Dedrick Asante Muhammad, senior director of the NAACP Economic Department, played a critical role in developing a relationship with the Dunkin’ Brands with the purpose of creating the Diversity in Franchising Initiative. He sees the partnership as an opportunity to provide the education, networking opportunities and information on critical topics necessary to begin breaking down these barriers.

For Dunkin’ Brands, the partnership with the NAACP is an important beginning step to attract more franchisees of color. In addition, to build a larger, more diverse pool of franchise candidates, the company hopes to accelerate expansion in new and existing markets, and continue to build customer loyalty for Dunkin’ Donuts and Baskin-Robbins ice cream specialty shops across the country. In certain markets, existing development and financial incentives are available for qualified candidates to help make the first years of business ownership more productive.

Educational Opportunities

Franchised brands should seek opportunities to participate in economic development workshops, which can help raise awareness about the benefits of franchising and highlight existing resources that will help qualified candidates overcome information barriers associated with franchising.

The NAACP’s Economic Department sponsors workshops at the organization’s annual state and regional conventions that are designed to provide resources and tools to NAACP members that encourage economic advancement. Dunkin’ Brands made presentations at several of these conventions during the past year, sharing information about the role franchising can play in creating community and economic development opportunities in communities of color.

In an effort to make educational opportunities more accessible, Dunkin’ Brands has since November 2014, hosted free bi-monthly Franchising 101 webinars in collaboration with the IFA’s Educational Foundation’s Diversity Institute and the NAACP. These webinars have expanded the reach of the initiative to even more NAACP members along with others who have an interest in learning the foundations of franchising.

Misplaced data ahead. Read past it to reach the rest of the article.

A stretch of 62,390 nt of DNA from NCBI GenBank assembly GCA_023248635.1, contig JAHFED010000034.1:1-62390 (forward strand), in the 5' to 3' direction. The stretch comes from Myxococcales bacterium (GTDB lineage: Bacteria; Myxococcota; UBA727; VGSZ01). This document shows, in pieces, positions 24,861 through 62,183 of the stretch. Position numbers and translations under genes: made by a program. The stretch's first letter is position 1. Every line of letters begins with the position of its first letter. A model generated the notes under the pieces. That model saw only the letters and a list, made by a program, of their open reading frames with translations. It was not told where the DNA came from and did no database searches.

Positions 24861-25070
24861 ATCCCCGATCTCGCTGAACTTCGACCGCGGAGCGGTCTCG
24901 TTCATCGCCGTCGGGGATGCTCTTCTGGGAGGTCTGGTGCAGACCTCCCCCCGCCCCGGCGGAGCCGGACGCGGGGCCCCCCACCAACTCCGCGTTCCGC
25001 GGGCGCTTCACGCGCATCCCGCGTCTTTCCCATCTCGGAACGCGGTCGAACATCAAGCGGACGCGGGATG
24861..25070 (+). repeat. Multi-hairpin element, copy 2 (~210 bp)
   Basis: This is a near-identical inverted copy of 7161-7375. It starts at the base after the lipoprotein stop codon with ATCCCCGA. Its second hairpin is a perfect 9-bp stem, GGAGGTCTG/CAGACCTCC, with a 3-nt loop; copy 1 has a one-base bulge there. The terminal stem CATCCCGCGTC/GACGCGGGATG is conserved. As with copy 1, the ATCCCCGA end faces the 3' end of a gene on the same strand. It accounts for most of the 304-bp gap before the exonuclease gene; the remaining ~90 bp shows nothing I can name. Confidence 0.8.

Franchise brands should also consider strengthening relationships with leading organizations such as the National Urban League, National Minority Supplier Development Council, U.S. Black Chamber of Commerce, U.S. Hispanic Chamber of Commerce, National Black MBA Association, Association of Small Business Development Centers, and various ethnic Chambers of Commerce across the country.

These partnerships offer opportunities to provide resources to help qualified franchising candidates learn about franchising as a promising model that can be an affordable way to realize the American dream of business ownership.

Dunkin’ Brands is proud to contribute to the growth of the American institution of franchising and helping inspired entrepreneurs’ dreams come true. We are embracing the evolving world of franchising and will continue to recruit and retain new franchise owners from diverse ethnic and racial backgrounds and cultures. Programs such as Dunkin’ Brands Diversity in Franchising Initiative help to keep diversity and inclusion at the forefront of our industries and give us all a great opportunity to increase the number of minority-owned businesses in the United States.

Grant Benson, CFE, is vice president of global franchising and business development for Dunkin’ Brands. Find him at fransocial.franchise.org.